How to Develop the Five Soft Skills That Will Make You a Great Analyst How to Develop the Five Soft Skills That Will Make You a Great Analyst
Analysts often assume that the best way to advance their careers or provide more value is to improve their technical chops.... How to Develop the Five Soft Skills That Will Make You a Great Analyst

Analysts often assume that the best way to advance their careers or provide more value is to improve their technical chops. While it’s true that you need a baseline of technical skills to conduct analysis, most of us need further development of our soft skills rather than further honing of our hard skills.

Soft skills tend to be harder to learn. That’s because, unlike technical skills—which you have to improve when you face a new challenge that your existing skillset can’t solve— soft skills require conscious practice.

Analysts who work to improve their technical skills at the expense of developing soft skills misunderstand a key part of their contribution to an organization. And ironically, that means they risk losing out on opportunities for career advancement. Soft skills are what allow you to bring strategic value to your team, and make sure your work solves actual business problems. Without them, you risk relegation to the role of “order taker” for the rest of your organization.

This post is about developing your soft skills in the real world. To be a great analyst, you’ll need to practice these five things:

Translate effectively

Analysts and non-analysts typically use different language to refer to the same things. Questions tend to get asked in ways that either lead in the wrong direction or require unpacking. For instance, a seemingly simple question, like “How much money are we going to make this quarter?” needs to be translated in a few ways. First, what does “money” mean in this context? (It could be ARR, cash, etc.) Second, how can that measurement be accurately translated to a query?

Figuring out the underlying question, finding a proxy for that question in the form of a SQL query, and communicating that assessment back to the person who asked it is easier said than done. Some of the top organizations in the world at assessing company performance say that the analytics translation problem is so difficult and important that it demands full-time headcount. The Analytics Translator role would “bridge the technical expertise of data engineers and data scientists with the operational expertise of marketing, supply chain, manufacturing, risk, and other frontline managers.”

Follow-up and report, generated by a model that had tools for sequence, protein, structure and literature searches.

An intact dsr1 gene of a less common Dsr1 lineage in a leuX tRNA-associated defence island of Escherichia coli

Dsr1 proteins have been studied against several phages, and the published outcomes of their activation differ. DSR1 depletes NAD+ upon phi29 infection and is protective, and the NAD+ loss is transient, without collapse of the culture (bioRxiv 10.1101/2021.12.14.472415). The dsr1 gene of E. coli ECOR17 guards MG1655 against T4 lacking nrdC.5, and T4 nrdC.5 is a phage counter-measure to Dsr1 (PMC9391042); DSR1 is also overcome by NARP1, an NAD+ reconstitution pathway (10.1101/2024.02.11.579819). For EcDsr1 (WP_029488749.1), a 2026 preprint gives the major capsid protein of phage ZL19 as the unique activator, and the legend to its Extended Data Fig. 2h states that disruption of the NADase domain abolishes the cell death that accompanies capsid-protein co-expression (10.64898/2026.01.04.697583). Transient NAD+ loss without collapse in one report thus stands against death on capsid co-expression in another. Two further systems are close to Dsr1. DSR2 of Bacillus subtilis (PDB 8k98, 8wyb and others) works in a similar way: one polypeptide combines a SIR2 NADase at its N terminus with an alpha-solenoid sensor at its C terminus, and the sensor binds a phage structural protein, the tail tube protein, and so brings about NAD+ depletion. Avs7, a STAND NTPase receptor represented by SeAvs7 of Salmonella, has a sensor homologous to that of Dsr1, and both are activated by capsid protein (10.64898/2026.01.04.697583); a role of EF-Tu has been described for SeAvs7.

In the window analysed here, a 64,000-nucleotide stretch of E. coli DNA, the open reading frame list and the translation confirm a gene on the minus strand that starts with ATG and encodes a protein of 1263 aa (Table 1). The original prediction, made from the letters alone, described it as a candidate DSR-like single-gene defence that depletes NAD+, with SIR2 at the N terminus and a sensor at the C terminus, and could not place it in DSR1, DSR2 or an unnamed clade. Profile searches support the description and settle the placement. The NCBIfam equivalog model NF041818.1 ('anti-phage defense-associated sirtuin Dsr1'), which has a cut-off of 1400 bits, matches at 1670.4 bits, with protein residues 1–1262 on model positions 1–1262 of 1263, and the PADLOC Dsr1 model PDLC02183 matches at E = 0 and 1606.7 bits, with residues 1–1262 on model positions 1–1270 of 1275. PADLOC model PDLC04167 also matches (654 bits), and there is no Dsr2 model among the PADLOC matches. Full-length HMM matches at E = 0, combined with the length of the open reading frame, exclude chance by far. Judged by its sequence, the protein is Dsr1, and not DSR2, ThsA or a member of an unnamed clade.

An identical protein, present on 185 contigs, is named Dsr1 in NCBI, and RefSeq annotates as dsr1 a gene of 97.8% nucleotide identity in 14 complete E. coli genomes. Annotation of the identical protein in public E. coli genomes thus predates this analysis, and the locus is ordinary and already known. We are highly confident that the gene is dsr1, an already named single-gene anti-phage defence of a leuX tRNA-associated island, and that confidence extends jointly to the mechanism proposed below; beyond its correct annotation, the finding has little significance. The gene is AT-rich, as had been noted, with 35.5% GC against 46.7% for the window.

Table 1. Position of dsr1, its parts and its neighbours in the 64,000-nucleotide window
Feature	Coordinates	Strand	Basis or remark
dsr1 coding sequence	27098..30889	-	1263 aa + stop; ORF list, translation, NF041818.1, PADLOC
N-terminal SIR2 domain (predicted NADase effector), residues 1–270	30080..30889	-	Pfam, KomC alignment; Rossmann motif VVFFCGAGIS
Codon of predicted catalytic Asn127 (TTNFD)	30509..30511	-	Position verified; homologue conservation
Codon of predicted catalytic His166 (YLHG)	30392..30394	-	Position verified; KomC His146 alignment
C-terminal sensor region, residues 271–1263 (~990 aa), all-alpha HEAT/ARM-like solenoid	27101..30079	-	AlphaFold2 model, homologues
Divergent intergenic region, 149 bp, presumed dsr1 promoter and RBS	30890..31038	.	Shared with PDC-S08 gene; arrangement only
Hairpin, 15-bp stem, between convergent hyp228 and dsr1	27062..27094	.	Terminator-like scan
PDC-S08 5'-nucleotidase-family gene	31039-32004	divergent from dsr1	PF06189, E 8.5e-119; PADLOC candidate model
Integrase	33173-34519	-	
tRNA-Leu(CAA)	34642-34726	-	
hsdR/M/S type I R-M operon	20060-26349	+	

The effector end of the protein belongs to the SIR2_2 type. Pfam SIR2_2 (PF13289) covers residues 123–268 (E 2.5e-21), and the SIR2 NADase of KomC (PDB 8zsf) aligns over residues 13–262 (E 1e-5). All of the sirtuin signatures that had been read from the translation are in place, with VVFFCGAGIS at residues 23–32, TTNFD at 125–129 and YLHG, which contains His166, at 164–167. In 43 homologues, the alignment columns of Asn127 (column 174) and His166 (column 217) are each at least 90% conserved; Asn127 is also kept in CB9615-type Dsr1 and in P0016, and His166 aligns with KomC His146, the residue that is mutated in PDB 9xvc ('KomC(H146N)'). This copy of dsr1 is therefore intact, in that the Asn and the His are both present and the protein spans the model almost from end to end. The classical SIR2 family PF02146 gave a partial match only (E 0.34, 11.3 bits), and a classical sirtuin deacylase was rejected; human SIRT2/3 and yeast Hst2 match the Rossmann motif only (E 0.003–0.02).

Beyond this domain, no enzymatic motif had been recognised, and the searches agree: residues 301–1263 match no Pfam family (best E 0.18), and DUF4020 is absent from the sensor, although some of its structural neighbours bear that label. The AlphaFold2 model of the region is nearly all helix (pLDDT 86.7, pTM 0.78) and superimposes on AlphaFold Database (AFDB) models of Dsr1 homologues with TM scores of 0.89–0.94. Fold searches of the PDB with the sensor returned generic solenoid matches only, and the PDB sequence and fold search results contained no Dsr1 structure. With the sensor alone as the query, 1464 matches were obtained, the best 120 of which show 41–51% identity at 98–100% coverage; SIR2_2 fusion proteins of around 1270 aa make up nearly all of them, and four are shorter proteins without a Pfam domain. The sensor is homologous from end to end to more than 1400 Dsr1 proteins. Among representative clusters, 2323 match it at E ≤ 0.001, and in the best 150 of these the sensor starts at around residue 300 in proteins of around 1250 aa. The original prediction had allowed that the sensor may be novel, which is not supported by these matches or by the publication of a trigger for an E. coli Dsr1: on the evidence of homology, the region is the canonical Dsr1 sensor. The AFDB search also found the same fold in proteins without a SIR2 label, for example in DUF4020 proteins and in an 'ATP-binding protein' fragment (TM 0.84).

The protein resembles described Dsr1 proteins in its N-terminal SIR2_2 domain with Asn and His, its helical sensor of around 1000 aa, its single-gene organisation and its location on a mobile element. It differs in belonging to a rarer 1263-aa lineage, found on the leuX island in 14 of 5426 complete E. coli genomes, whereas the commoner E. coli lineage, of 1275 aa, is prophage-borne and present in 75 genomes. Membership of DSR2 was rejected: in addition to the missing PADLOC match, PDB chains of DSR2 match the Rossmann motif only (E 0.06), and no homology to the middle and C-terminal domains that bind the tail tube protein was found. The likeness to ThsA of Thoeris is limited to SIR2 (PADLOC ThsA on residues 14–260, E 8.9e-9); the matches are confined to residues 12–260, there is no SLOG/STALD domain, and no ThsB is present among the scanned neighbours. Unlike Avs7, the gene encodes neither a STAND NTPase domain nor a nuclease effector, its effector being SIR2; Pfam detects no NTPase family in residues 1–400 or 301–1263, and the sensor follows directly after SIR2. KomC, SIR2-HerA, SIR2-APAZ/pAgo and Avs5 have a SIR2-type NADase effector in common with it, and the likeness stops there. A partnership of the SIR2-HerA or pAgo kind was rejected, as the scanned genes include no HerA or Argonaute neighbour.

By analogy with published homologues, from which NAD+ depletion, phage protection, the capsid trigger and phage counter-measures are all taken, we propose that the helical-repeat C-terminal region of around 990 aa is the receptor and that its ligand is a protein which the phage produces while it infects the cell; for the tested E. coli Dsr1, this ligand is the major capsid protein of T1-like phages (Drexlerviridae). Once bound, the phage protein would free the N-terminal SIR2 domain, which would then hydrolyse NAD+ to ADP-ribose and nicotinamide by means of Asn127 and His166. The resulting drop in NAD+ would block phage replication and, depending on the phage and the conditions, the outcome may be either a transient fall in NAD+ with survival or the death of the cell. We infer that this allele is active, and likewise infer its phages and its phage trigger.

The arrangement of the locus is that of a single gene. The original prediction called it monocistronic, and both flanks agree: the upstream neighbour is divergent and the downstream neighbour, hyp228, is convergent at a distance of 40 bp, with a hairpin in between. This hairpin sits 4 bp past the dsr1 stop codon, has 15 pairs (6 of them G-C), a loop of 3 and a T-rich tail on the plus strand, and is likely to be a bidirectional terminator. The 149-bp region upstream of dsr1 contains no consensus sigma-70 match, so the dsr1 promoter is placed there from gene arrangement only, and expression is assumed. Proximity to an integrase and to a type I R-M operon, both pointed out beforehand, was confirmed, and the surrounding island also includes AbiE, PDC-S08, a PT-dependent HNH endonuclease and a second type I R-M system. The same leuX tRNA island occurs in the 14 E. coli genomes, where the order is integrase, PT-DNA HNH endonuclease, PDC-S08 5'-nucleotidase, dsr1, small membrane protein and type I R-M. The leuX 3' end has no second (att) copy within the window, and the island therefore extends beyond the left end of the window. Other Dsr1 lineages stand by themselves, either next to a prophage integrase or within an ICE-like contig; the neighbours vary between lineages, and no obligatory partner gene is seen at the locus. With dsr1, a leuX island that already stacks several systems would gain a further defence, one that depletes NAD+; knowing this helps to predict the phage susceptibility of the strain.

A full-time analytics translator may be overkill for all but the largest of companies. It’s almost certainly not practical for most, so the implication for those who work with data is that they’ll need to bring that skill to the table themselves. Without it, it’s likely the wrong question will be answered, thanks to misinterpretation at the outset of an initiative. And, as the analytics and data science work within an organization gets more sophisticated, it will get ever more difficult to communicate outcomes.

Evaluate yourself

Think about your general approach to fielding questions:

– How often do you get the feeling that the people for whom you’re creating analysis aren’t fully describing their problems?

– What tactics do you use to draw more precise information out of them?

– Ask yourself: “If I answer this question exactly as pitched, what action will this person take as a result? Is it different from the action they would take anyway?”

Resources to help you improve

1. Linda Powell’s presentation at OSCon, “Talking Data with Non-Data People,” explains how to translate effectively, with tactics and examples.

2. In an article for Harvard Business Review, authors from McKinsey explain their view of the role of analytics translation and the skills needed to do it effectively.

3. In “The Translation Layer: The Role of Analytic Talent”, a white paper for SAS, Lori C. Bieda explores the the role that analytics translation plays in bridging the gap between data and the conversations where business decisions are made.

Ask good follow-up questions

Asking an analyst a question is easy. Asking a really good question, whose answer can be immediately turned into action, is hard. It’s almost never the case that the answer to the first question in a conversation is the true source of a problem. So to get to the crux of an issue, analysts need to ask clarifying questions.